Next, you need to fix this urgent problem. Let's set up a hotfix branch and work on it until the problem is solved:

$ git checkout -b hotfix
Switched to a new branch 'hotfix'
$ vim index.html
$ git commit -a -m 'fixed the broken email address'
[hotfix 1fb7853] fixed the broken email address
 1 file changed, 2 insertions(+)

Figure 21. hotfix branch based on master branch

You can run your tests to make sure your changes are correct, and then merge the hotfix branch back to your master branch to deploy online. You can use the git merge command to achieve the above purpose:

$ git checkout master
$ git merge hotfix
Updating f42c576..3a0874c
Fast-forward
 index.html | 2 ++
 1 file changed, 2 insertions(+)

When merging, you should notice the word "fast forward". Since the submission C4 pointed to by the branch hotfix you want to merge is the direct successor of your submission C2, Git will directly move the pointer forward. In other words, when you try to merge two branches, if you can go down one branch to reach the other, Git will simply push the pointer forward (move the pointer to the right) when merging the two branches, because there are no differences to be resolved in the merge operation in this case - this is called "fast forward".

Now, the latest modification is in the submitted snapshot pointed to by the master branch. You can start publishing the repair.

Figure 22. master is fast forwarded to hotfix

After the solution to this urgent problem is released, you are ready to return to your work before being interrupted. However, you should delete the hotfix branch first because you no longer need it - the master branch has pointed to the same location. You can use the git branch command with the - d option to delete branches:

$ git branch -d hotfix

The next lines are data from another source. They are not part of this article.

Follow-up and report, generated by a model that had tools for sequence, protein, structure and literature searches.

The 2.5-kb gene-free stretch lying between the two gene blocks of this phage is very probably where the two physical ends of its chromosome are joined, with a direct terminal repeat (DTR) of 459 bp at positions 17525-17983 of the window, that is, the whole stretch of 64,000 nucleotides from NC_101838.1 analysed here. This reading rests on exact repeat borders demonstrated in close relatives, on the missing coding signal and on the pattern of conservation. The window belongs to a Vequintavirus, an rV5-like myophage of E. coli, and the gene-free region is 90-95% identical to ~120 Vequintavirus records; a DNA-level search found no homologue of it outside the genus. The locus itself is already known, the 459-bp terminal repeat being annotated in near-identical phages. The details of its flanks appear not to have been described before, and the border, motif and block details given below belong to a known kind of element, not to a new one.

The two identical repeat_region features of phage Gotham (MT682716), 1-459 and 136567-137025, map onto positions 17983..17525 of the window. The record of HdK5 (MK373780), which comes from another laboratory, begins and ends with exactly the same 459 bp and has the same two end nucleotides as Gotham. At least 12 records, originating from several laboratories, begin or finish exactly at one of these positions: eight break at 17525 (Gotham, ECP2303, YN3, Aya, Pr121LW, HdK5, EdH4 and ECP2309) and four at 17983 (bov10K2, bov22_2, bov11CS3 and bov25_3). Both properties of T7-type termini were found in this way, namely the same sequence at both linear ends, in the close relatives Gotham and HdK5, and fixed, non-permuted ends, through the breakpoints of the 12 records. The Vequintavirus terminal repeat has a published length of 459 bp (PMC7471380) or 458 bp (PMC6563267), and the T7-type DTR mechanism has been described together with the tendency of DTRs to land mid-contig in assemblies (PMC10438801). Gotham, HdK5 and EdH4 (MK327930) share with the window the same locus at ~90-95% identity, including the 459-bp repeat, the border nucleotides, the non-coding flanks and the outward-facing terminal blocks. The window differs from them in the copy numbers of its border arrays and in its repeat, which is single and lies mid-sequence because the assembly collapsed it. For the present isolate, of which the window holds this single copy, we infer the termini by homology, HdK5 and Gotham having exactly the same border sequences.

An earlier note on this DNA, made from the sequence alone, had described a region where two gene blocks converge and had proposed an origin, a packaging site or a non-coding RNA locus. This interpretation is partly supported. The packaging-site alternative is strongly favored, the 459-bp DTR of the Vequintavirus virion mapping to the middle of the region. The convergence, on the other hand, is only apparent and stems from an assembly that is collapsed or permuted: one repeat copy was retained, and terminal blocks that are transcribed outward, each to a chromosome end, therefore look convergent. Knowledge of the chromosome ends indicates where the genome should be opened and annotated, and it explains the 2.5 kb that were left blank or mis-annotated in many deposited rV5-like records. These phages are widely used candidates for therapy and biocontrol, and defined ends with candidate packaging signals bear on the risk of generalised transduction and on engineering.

Deleted branch hotfix (3a0874c).

Now you can switch back to the branch you are working on and continue your work, that is, the branch for #53 problem (iss53 branch).

$ git checkout iss53
Switched to branch "iss53"
$ vim index.html
$ git commit -a -m 'finished the new footer [issue 53]'
[iss53 ad82d7a] finished the new footer [issue 53]
1 file changed, 1 insertion(+)

Figure 23. Continue working on the iss53 branch

Your work on the hotfix branch is not included in the iss53 branch. If you need to pull the changes made by hotfix, you can use the git merge master command to merge the master branch into the iss53 branch, or you can wait until the iss53 branch completes its mission and then merge it back into the master branch.

Merging of branches

Assume that your problem has been merged into master #53, and your problem has been corrected. To do this, you need to merge the iss53 branch to the master branch, which is similar to what you did before merging the hotfix branch. You just need to check out the branch you want to merge into, and then run the git merge command:

$ git checkout master
Switched to branch 'master'
$ git merge iss53
Merge made by the 'recursive' strategy.
index.html |    1 +
1 file changed, 1 insertion(+)